Nov. 05, 2010
Center for Study of Responsive Law
1530 P Street, NW
Washington, DC 20005
Dear Ms. Carroll:
Thank you for sharing your concerns in your letter dated July 29, 2010. Dr. Shuren asked me to respond to your concerns. In your letter to Dr. Shuren you asked, “In your capacity as the director of the FDA's CDRH, do you agree with the TSA statement that the X-ray scanners are safe for all air travelers? Do you believe that a more prudent approach for public health would be to convene an independent panel of experts to study the potential health impacts posed by these X-ray scanners?”
Several independent panels of experts have evaluated these products. The dose from one screening with a general-use full-body x-ray security screening system presents a miniscule risk to any individual being scanned. General-use x-ray security systems may be operated without limiting the number of individuals screened or, in most cases, the number of screenings an individual can have in a year.1 Any individual member of the general public would have to be screened more than 1,000 times in one year to exceed the annual dose limit set in the national safety standard2. The annual dose limit is based on the National Council of Radiation Protection and Measurements3 (NCRP) recommendations for the annual effective dose limit for individual members of the general public4,5. NCRP’s dose limitation recommendations for the general public were made with the understanding that the general public includes special populations, such as children, who are more sensitive to radiation than the rest of the population.
Regarding the sources of information you mention in your letter:
- The University of California – San Francisco letter has been answered jointly by the Food and Drug Administration (FDA) and the Transportation Security Administration (TSA). [Response to University of California - San Francisco Regarding Their Letter of Concern, October 12, 2010]
- In his March 17, 2010 presentation, in addition to the remarks you attributed to him, Dr. Brenner also said, “The individual risks associated with x-ray backscatter scanners are probably extremely small.” Furthermore, the NCRP’s report on collective dose6 stated, “The summation of trivial average risks over very large populations or time periods into a single value produces a distorted image of risk, completely out of perspective with risks accepted every day, both voluntarily and involuntarily.” Dr. Brenner seems to be doing just that in the remarks you cited. We understand that NCRP commentaries are reviewed by all program area committee7 members as well as other subject-area experts and those comments are resolved before a vote is conducted. At least 10 of the 13 NCRP board members must approve a commentary before it is issued as an NCRP8 publication. Dr. Brenner had many distinguished colleagues that participated in the review and vote to approve NCRP Commentary No. 16 before it was published in 2003. NCRP posted a press release regarding Commentary No. 16 on May 26, 20109.
Under the law CDRH is directed to protect the public health and safety from electronic product radiation. Public health is protected when general-use x-ray security systems that comply with the applicable national radiation safety standard10 are used in accordance with the requirements of use in that standard. Using a general-use system as just described will result in effective doses to individuals below the annual dose limits recommended by NCRP for the general public. In fact the dose limit per screening is far below the negligible individual dose set by NCRP11. If you have any further questions or concerns, please contact Daniel Kassiday of my staff.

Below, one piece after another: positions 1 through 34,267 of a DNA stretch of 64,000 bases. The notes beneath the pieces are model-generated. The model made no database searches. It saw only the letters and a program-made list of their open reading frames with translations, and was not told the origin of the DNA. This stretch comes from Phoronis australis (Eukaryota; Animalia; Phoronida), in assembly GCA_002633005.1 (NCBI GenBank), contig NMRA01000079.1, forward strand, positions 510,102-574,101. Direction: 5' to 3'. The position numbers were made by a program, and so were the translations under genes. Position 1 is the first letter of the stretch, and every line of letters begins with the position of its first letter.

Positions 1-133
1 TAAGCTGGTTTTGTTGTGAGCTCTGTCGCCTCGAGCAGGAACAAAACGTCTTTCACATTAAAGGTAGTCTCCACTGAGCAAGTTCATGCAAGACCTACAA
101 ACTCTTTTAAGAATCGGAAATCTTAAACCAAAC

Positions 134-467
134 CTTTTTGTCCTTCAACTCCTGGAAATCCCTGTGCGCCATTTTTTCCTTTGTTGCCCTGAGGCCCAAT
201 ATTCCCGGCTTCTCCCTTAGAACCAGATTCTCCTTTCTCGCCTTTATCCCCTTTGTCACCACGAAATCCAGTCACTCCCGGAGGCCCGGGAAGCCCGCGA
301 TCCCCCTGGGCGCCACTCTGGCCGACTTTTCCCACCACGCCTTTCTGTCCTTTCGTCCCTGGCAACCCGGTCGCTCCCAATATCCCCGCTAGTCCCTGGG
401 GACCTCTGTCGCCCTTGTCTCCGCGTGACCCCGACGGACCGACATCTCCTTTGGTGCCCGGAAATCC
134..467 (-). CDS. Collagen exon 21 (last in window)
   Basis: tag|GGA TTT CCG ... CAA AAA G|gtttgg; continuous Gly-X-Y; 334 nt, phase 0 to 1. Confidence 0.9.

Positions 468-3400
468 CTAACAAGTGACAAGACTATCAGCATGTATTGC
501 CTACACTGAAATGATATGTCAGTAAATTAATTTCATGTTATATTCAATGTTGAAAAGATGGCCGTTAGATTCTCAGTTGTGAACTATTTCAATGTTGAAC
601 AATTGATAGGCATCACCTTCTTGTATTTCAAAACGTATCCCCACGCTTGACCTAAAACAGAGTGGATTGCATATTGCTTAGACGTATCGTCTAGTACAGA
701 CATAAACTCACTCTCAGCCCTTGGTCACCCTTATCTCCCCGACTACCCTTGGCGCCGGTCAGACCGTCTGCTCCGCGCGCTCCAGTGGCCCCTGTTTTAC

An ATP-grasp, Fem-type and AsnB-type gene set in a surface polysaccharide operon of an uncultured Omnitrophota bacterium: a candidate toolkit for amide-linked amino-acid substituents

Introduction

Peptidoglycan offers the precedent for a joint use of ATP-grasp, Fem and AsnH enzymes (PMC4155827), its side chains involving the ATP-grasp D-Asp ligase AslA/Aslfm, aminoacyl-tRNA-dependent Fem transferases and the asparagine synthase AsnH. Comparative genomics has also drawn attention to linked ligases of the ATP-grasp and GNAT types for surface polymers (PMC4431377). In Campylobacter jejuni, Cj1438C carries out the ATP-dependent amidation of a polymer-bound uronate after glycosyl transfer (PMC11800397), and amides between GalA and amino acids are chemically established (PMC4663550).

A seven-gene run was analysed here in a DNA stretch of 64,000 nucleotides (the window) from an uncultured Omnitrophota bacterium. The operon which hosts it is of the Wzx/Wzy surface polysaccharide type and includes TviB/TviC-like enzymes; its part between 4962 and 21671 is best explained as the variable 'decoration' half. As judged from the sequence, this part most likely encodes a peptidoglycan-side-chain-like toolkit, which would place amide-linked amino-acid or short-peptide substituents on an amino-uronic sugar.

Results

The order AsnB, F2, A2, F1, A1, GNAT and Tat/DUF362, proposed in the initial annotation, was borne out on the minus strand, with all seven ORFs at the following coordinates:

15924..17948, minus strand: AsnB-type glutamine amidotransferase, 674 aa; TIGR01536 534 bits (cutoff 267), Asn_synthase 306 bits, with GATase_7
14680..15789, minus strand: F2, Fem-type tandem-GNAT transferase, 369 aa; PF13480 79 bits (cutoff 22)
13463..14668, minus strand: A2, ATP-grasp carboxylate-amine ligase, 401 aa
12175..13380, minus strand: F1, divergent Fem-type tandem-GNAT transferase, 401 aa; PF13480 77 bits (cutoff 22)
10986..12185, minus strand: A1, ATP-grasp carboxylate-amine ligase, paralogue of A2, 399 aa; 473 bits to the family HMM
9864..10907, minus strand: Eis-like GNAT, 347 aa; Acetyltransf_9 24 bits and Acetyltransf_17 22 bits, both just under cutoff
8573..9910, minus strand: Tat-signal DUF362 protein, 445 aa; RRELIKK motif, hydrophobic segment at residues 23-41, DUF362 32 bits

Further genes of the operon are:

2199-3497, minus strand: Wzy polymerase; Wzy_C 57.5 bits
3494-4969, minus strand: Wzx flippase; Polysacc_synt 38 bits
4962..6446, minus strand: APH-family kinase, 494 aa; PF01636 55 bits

John L. McCrohan
Deputy Director for Technical and
Office of Communication, Education, and
Center for Devices and Radiological Health
Food and Drug Administration
1NCRP Commentary No. 16 Screening of Humans for Security Purposes Using Ionizing Radiation Scanning Systems. (2003)
2ANSI/HPS N43.17-2009 Radiation Safety for Personnel Security Screening Systems Using X-Ray or Gamma Radiation. This standard limits the dose per screening to 0.25 µSv (25 µrem) reference effective dose. The annual dose limit is 250 µSv (25,000 µrem) over a 12 month period.
3NCRP was founded in 1964 by the U.S. Congress to “cooperate with the International Commission on Radiological Protection, the Federal Radiation Council, the International Commission on Radiation Units and Measurements, and other national and international organizations, governmental and private, concerned with radiation quantities, units and measurements and with radiation protection.”
4NCRP report no. 116 Limitation of exposure to ionizing radiation (1993); pages 45-47, 56;
5NCRP Statement 10, Recent Applications of the NCRP Public Dose Limit Recommendation for Ionizing Radiation (2004)
6NCRP Report No. 121 Principles and Application of Collective Dose in Radiation Protection (1995), page 58
7NCRP website current program, http://www.ncrponline.org/Current_Prog/Current_Program.html
8NCRP website, http://www.ncrponline.org/Members/Members.html; There are 100 voting members that are elected to six-year terms with the terms of approximately 14 members expiring each year. They are selected on the basis of their scientific expertise. The current board members are found at http://www.ncrponline.org/Members/Officers-BOD.html.
10ANSI/HPS N43.17-2009 Radiation Safety for Personnel Security Screening Systems Using X-Ray or Gamma Radiation.
11NCRP report no. 116 Limitation of exposure to ionizing radiation (1993); pages 51 - 52